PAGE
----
The kitchen at the Westcliff seems to have been cursed almost from the day it opened. There was a brief moment of glory at what was then the Belle Terrasse restaurant when Chef Sven Niederbremer was first at the helm but even that soon faded. Since then Chefs Stefano Strafella, Dario d’Angeli, Nicky Gibbs have all tried and failed to make this kitchen their own.
One doesn’t envy the challenge that awaits Dirk Gieselmann. We’ve seen it all before. The arrival of prestigious international glamour cooks ought to be a welcome infusion of talent and training but invariably such chefs are horrified by the lack of skills in their support staff, overwhelmed by the politics of race and resentment that infuse our kitchens, confused by the lack of respect shown to kitchen professionals by hotel management and demoralised by the quality of ingredients they are offered. They seldom stay. I hope I am wrong but I give this appointment 18 months tops.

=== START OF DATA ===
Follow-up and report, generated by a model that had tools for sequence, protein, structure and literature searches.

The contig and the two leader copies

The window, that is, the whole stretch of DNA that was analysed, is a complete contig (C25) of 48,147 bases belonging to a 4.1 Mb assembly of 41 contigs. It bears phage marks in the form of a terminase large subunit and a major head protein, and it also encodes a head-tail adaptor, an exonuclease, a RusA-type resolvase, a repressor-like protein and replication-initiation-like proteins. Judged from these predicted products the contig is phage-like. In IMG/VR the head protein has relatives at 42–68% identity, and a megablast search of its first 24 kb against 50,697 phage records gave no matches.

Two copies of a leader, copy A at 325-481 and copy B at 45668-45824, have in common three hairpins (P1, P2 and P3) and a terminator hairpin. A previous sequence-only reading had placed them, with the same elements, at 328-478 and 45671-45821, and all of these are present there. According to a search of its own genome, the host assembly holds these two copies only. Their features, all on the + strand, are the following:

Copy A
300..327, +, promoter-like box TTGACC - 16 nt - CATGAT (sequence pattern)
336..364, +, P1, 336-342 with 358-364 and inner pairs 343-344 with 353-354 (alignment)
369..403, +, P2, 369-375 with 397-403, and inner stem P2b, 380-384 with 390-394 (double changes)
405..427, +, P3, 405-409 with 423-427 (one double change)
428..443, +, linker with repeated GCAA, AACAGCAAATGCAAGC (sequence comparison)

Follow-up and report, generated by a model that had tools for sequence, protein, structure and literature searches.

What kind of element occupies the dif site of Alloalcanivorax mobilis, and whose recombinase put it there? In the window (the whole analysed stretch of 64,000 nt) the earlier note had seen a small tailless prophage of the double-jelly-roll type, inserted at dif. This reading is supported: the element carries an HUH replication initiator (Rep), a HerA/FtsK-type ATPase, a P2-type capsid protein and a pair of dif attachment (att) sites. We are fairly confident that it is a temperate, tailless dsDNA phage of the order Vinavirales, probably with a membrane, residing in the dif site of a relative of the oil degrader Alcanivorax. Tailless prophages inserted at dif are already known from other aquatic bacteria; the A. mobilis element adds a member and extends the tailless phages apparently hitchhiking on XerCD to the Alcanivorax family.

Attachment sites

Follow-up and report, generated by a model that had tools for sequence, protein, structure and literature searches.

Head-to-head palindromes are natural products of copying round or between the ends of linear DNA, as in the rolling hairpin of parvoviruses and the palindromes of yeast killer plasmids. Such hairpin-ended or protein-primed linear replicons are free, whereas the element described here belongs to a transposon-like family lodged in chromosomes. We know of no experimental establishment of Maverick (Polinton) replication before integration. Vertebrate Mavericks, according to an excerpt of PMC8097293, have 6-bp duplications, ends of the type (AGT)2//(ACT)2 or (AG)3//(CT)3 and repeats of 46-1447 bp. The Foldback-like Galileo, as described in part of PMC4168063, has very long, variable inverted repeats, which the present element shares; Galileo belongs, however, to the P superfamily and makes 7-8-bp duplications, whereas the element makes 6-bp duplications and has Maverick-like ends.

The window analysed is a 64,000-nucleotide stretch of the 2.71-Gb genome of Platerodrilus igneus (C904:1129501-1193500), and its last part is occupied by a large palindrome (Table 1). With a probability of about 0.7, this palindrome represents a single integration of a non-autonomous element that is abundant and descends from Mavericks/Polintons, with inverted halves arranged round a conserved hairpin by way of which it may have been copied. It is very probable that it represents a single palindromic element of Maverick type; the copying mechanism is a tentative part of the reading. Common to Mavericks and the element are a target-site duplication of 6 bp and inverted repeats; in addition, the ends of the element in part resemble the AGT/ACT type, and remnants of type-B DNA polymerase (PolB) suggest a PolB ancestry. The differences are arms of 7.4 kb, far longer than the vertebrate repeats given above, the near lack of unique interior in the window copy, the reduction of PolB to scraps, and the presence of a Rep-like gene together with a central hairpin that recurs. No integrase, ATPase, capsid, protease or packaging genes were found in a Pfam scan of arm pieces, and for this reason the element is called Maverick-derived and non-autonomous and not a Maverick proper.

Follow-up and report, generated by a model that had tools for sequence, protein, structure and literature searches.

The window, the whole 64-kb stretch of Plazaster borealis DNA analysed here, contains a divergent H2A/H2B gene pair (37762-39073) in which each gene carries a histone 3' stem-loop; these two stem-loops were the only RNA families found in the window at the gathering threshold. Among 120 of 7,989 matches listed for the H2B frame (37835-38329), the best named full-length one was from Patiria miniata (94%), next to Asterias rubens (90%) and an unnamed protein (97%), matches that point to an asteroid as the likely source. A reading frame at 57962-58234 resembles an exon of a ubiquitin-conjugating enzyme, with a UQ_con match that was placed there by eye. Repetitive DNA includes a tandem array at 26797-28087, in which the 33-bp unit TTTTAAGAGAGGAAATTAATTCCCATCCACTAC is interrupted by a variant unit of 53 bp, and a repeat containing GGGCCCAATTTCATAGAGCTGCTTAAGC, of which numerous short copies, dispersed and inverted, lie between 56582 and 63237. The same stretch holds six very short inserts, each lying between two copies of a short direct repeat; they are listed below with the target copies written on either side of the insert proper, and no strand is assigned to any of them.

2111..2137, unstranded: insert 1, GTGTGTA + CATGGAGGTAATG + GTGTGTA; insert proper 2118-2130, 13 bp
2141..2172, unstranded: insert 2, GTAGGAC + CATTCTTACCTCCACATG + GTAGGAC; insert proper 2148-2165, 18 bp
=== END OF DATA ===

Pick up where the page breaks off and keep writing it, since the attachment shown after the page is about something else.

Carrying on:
So there we were, two adults and a child who sat down to lunch on the terrace of Flames. We all felt older, wiser and a little sadder by the time we left. Terrible, dust-dry bread rolls were served without butter but curiously with tiny tomato sauce bottles. Neither the rolls nor the risotto balls that followed them had any seasoning. While going easy on salt and allowing customers to add their own is generally a good thing, everything requires a modicum of seasoning and there was none. The risotto was so tasteless that one felt that it must have been made with water not stock. Curiously the risotto balls were served with a Marie Rose sauce that had been made with an unmodified, unpleasantly acidic tomato paste. The same tomato paste that was slathered on the semi-cooked pizza (with soggy central dough and burnt edges). The chips that came with the Club Sandwich had the reconstituted graininess of pre-cut packet product. The ‘surf and turf’ Caesar salad was topped with chicken and prawns. A classic Caesar has a pre-existing surf element in the form of anchovies which were entirely absent from both the dressing and the body of the salad served at the Westcliff. The prawns were floury. The croutons were tasteless. The dressing had none of that exhilarating umami-laden, briny blast that happens when anchovy meets Parmesan in the perfect ratio. I would lay my head on a block that the cheese used in the Caesar was not Parmesan and that whatever it was it, the same dressing was used on the Club Sandwich. Neither was seasoned.